ERIE, Pa. — The students in the Society of Automotive Engineers (SAE) Club at Penn State Erie, The Behrend College, knew a change was needed.
For years, they had used a carburetor engine in the cars they entered in the International Supermileage Challenge, a competition that challenges teams to create vehicles that squeeze the most mileage out of a single tank of high-octane gasoline. Behrend teams had performed well, earning two first-place finishes and one second-place finish since 2012, but it was time to adapt.
“We had maxed out what we could do with a carburetor engine,” said Ryan Dombrosky, a Mount Pleasant native and president of Penn State Behrend’s SAE Club. “We decided to change over to a fuel-injection engine. This meant we had to revamp pretty much everything on the engine and really test and fine-tune it. It’s now just like what’s in your typical passenger car, only scaled down.”
Powered by the new engine, Behrend’s SAE Club team finished second in this year’s 38th annual competition, held June 8-9 at the Eaton Corporation’s Marshall Proving Grounds test track in Michigan. The students’ vehicle traveled 2,418 miles on one gallon of gas. The team also took second place in the Design Report Sub-Competition.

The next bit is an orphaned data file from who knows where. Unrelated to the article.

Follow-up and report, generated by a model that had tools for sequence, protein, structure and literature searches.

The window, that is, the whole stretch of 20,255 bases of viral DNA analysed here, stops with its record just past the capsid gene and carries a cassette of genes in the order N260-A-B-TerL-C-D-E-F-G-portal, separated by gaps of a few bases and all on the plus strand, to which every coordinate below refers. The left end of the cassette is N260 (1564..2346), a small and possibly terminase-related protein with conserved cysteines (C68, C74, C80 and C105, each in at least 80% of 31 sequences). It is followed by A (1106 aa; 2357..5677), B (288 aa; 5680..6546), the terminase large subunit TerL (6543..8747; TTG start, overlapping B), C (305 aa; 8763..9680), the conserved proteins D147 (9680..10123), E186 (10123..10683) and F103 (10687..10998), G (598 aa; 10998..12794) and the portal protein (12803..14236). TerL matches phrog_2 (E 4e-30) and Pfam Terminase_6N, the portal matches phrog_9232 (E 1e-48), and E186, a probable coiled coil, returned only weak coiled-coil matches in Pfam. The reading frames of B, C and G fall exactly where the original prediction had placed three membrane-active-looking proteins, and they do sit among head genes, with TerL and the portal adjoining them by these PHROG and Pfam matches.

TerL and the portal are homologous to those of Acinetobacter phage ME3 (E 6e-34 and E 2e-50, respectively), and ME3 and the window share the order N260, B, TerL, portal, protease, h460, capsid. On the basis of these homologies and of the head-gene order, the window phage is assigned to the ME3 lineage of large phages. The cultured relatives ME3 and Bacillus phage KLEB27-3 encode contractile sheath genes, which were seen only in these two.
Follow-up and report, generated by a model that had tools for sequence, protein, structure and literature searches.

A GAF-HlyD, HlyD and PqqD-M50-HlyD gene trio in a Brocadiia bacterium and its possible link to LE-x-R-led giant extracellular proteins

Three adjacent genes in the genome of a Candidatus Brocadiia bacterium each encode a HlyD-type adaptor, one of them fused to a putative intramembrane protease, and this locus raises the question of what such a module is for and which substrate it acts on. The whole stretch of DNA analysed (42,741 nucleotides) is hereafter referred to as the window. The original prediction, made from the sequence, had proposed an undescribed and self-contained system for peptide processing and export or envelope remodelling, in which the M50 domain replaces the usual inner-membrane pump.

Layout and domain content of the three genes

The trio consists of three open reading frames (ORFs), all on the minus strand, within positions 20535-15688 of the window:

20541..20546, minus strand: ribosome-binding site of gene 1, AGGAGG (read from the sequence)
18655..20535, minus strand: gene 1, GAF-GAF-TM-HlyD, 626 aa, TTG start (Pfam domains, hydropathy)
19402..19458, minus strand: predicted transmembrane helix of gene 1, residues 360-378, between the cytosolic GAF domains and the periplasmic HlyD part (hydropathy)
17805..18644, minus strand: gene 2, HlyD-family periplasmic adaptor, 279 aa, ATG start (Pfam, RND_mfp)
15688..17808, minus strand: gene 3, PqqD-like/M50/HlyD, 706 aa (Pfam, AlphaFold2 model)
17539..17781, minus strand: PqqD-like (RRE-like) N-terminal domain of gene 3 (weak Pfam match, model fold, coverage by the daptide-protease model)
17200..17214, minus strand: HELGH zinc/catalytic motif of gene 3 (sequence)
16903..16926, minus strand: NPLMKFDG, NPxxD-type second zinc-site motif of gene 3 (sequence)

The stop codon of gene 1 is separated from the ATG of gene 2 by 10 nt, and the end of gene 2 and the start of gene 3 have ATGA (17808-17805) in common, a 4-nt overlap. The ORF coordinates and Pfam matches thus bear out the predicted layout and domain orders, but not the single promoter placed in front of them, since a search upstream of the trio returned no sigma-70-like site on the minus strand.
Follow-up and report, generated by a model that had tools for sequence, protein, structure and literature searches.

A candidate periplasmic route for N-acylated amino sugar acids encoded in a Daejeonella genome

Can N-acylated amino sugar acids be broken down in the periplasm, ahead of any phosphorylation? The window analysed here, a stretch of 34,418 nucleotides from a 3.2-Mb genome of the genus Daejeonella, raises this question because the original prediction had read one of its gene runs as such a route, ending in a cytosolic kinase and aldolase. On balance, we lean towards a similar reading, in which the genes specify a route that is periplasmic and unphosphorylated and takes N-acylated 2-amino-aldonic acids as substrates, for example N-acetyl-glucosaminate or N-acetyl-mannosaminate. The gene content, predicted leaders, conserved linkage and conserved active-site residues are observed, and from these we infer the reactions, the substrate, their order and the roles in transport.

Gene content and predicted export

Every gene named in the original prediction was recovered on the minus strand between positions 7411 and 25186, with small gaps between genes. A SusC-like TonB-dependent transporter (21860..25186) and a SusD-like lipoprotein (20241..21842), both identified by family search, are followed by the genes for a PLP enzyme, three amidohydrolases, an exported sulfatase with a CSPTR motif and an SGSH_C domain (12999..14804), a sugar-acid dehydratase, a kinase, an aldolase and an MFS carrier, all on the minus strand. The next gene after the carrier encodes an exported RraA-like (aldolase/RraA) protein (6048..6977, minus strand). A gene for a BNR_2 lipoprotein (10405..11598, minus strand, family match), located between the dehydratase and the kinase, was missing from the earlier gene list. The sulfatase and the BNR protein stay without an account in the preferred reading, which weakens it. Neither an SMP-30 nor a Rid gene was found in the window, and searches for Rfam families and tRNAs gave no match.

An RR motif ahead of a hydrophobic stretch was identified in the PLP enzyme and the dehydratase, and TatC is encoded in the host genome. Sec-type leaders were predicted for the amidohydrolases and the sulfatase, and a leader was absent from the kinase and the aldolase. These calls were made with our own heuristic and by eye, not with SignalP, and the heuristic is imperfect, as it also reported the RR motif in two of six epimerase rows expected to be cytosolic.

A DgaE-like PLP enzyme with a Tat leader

Not too shabby for a first go-around with the new engine.
“This was a learning experience for us,” said Dombrosky, who graduated from Penn State Behrend in May with a mechanical engineering degree. “With the new engine, the great thing is there’s no residual fuel wasted, and now that we have switched over, we won’t change back. Our team will be able to refine it for next year.”
The engine is about the only similarity between the club’s vehicle and a traditional commercial automobile. The vehicle measures around eight feet long and less than two feet high. Its lightweight, aerodynamic design contributes to the fuel efficiency it delivers.
It’s also ideal for the “burn and coast” method of driving that the Behrend SAE team uses. At the start of the competition, the team’s driver starts the engine, accelerates for a bit and then turns the engine off to coast the remainder of the course. It’s an intentional attempt at fuel conservation.
Mary Beth Burbules knows the driving style well. The Erie native drove the vehicle again this year, the fourth-straight year she has taken on that role.
“If I were ever claustrophobic, I would have had to get over that four years ago,” said Burbules, who graduated in May with a mechanical engineering degree. “As long as you can reach the handle that has your throttle, your brake handle and the kill switch of the vehicle, you’re golden.”
In the future, the team’s goal is to travel 3,000 miles on a single gallon of gas. This year’s first-place team, Universite’ Laval, which also uses a fuel-injection engine, finished with 4,113 miles. As the team gains more experience with the new engine, Dombrosky thinks such a number could be within reach.
“Most teams have not moved to this type of engine, so we’re actually ahead of the curve,” he said. “The team will take a look at everything, and we’ll see what we can improve.”